What You Should Be Listening To: In the Aeroplane Over the Sea

What should you be listening to? Clearly, the answer is Neutral Milk Hotel’s 1998 indie classic, In the Aeroplane Over the Sea

Fronted by the semi-reclusive Jeff Mangum, this band with a one-of-a-kind name recorded a one-of-a-kind album (horns, saws, all verses and no choruses) about a one-of-a-kind subject (Anne Frank) that resulted in a one-hit moment (they have released no albums since). The album is absolutely entrancing from start to finish, with lyrics and subject matter reaching far beyond the standard pop fare of I love you and Why did you do me like that on Instagram, you feel me? 

Because the album should be taken as a whole unit of expression, it is hard to pick highlights. But if forced to, “The King of Carrot Flowers,” “In the Aeroplane Over the Sea,” “Holland 1945,” and “Two-Headed Boy, Pt. 2” are three genius moments of pop expression. 

This album is a breathtaking feat of imagination, and it crosses boundaries which currently receive more scorn than in previous eras: imagining yourself as someone other than who you are, whether it be in gender, race, religion, or culture. Such imaginative work takes courage and a willingness to risk spectacular failure. That alone is admirable, and in the case of In the Aeroplane Over the Sea, the result is one of the best, and largely unknown, rock albums ever produced. 

While dark at times, the album is also filled with great moments of beauty, such as the opening verse of the title track: “What a beautiful face / I have found in this place / that is circling all round the sun. / What a beautiful dream / that can flash on the screen / in the blink of an eye and be gone from me, / soft and sweet.” It is also rare for such music to delve directly into history, and the opening of “Holland, 1945” pulls no punches when detailing Anne Frank’s death in the Holocaust: “The only girl I’ve ever loved / was born with roses in her eyes / but then they buried her alive / one evening 1945 / with just her sister at her side.” This is all packaged in the great irony of a song that is furiously upbeat. Put another way, it rocks. (I saw them perform this album live. It was a transcendent experience.)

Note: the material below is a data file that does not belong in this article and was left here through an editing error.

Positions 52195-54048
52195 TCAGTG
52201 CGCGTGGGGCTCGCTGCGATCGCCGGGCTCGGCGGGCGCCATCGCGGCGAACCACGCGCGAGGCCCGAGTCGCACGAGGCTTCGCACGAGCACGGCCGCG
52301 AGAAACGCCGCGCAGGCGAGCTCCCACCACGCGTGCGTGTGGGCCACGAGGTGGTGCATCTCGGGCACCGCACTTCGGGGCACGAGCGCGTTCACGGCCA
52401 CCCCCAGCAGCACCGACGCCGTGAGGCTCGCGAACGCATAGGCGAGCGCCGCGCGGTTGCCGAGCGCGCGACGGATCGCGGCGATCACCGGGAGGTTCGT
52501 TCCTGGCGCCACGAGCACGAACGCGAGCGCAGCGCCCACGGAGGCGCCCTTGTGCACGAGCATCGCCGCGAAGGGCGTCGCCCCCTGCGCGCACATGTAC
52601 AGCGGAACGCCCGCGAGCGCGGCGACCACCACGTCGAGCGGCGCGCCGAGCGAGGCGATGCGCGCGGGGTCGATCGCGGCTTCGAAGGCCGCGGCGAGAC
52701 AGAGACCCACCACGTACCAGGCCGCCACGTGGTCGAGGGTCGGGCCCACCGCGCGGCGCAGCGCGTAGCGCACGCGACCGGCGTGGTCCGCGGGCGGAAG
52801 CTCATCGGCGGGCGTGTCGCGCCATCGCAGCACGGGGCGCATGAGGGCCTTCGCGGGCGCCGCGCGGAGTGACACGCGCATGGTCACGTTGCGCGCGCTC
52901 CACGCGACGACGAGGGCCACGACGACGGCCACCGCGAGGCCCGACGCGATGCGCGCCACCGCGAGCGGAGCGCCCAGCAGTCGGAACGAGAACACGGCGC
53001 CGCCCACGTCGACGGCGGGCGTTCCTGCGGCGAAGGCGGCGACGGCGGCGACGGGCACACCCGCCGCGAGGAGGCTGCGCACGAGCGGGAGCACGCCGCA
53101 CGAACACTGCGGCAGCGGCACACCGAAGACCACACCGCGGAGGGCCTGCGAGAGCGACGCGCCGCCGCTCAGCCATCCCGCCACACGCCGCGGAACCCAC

If you like rock music, or alternative, as well as things off the beaten path, this is album for you. It’s a tour-de-force where an artist becomes completely possessed with their subject and then decides to be really loud about. it This album is a passion.

This work gets 5 out of 5 chicken wings. 

By Dr. Chuck Rybak

Chuck Rybak is the Dean of the College of Arts, Humanities, and Social Sciences at the University of Wisconsin-Green Bay, where he teaches literature and creative writing. He is the cohost of the Canonball podcast.

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